Hey BigJon I ensured that everything was lined up correctly before the installation
 

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The only other things I can think of or, the fuel pressure being in spec, the immobilizer kicking on (do a hard reset) or the throttle body alignment settings being lost, in that case run a throttlebody align the procedure. What scan tool; are you using? What engine code is the new motor and what car did it come out of (1.8T in the turbo s is a awp code), did you swap over the external accessories from the old motor to the new or leave everything on, as is?
 
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Discussion Starter #9
The “new” motor is an AWW out of an 02’ Jetta. Most of the external accessories I kept from the “old” beetle motor. I only have a basic scan-tool so I’m gonna borrow a buddy’s OBDII scanner to try to clear any hard codes and do an electronic throttle body alignment. Hopefully that’ll work!
 

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I did this same thing when I replaced my timing belt and water pump.
What I found was the fuel was not pumping enough gas to the injectors to start in just one cycle
I cycled the key about 10 times to get enough gas pumped to the engine before it would start.

This was only after I removed the timing cover and checked the timing and verified all hoses were correct.
 
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Discussion Starter #14
I did this same thing when I replaced my timing belt and water pump.
What I found was the fuel was not pumping enough gas to the injectors to start in just one cycle
I cycled the key about 10 times to get enough gas pumped to the engine before it would start.

This was only after I removed the timing cover and checked the timing and verified all hoses were correct.
My biggest concern is that the EPC, Check Engine, AND Battery lights are on. I checked all of my grounds, connections, fuses, relays, and hoses to make sure it’s all correct. I’ve cycled the key multiple times, I’m certain I’m getting enough fuel because my spark plugs were wet with fuel when I checked them.
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Did you try; a hard reset of the ecu? Is the immo light flashing? Did the TBA complete; successfully? All basics are good?: compression, spark and fuel pressure?

All of the lights on in the speedo is odd; as is, the airbag code. I'm running out of ideas; on what to check.Hard reset of the ecu; can clear the ecu memory and can help, sometimes... worth a shot.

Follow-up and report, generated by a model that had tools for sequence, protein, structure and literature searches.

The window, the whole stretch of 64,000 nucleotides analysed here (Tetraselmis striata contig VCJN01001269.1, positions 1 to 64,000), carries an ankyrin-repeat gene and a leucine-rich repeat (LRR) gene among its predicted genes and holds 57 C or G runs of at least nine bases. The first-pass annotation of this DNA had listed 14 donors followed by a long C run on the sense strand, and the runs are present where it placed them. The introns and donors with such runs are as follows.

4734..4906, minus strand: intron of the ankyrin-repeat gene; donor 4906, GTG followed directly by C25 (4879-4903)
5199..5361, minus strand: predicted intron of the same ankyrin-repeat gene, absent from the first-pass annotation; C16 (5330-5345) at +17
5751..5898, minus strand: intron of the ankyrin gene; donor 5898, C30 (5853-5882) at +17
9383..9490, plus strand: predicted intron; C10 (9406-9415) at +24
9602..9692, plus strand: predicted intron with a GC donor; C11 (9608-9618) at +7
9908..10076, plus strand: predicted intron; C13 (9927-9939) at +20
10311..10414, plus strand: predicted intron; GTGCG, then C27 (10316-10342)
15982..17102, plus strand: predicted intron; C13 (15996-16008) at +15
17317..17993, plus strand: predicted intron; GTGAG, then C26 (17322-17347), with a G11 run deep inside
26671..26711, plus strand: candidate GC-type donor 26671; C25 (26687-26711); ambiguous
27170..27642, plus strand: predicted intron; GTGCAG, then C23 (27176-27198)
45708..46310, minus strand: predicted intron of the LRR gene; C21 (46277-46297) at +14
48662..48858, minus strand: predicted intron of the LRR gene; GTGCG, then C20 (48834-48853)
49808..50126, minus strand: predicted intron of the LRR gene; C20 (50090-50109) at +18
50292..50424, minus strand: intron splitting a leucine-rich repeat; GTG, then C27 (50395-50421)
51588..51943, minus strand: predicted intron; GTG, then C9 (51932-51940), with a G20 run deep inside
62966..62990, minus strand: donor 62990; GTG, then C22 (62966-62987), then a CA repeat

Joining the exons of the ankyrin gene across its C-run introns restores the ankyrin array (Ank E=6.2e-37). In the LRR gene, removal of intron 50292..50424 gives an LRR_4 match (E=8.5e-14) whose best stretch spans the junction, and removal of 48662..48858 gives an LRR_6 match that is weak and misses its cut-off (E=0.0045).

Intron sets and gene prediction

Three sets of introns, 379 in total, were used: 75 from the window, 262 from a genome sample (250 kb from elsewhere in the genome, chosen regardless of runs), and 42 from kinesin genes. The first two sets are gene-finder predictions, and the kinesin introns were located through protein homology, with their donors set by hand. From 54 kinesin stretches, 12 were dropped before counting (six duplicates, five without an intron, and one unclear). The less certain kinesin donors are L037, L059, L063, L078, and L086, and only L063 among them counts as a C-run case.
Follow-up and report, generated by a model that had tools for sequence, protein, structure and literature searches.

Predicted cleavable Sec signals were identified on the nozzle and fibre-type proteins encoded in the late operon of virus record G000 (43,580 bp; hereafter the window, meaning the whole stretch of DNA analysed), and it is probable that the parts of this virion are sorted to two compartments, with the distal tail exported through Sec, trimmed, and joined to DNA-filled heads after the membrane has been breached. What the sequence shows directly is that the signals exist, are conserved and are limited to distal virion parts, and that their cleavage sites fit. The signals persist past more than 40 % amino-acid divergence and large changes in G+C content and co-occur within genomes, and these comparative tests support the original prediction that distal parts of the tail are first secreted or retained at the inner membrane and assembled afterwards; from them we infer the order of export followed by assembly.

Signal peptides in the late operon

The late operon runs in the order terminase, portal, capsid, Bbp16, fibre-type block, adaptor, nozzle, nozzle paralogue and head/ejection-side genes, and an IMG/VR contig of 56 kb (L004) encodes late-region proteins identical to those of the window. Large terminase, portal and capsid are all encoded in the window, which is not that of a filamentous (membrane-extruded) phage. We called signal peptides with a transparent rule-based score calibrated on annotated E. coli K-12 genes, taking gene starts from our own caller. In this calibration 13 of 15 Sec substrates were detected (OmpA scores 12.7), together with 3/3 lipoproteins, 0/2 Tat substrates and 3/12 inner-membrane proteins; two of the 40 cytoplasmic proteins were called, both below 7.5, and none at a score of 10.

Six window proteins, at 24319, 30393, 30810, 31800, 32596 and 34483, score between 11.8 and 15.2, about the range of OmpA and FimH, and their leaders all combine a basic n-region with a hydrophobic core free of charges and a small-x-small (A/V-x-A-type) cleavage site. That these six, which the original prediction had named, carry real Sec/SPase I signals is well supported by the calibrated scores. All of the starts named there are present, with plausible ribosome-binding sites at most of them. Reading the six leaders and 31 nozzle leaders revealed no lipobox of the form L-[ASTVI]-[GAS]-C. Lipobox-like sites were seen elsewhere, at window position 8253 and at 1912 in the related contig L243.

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Check that big wire that leads from the battery negative post and is attached to the top of the bell housing. You have all the classic symptoms of having forgotten to reconnect it. It attracts to the motor mount bolt on top of the bell housing nearest the radiator. The one with the extra 13 mm nut on top.
 

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Oh, yeah... one last thing; how old is the gas in the tank? I have had gas go "bad" and its combustibility go way down, to where a engine won't start at all. You might put a little of the gas on the ground and try to ignite it with a lighter, if it doesn't burn very well, it could be bad. Bad gas, tends to have a odd smell as well. You could pull the fuel pump; siphon out the old gas and add fresh.
 
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Discussion Starter #20
Hey guys just wanted to give you all an update:
I performed a compression test on the motor a few days ago and found that I had ZERO compression in all four cylinders. It turned out that I didn’t install the timing belt correctly 🤦🏼‍♂️. I was only off by a few teeth on the camshaft but I pretty far off from the crank shaft mark. The good news is that I checked my valves/piston heads with a borescope, none of the valves are bent and there’s no damage to the piston head. The bad news is I have to try to adjust the belt with the motor in the car. Has anybody changed a timing belt in a car before? Thanks again for all of your guy’s help 👍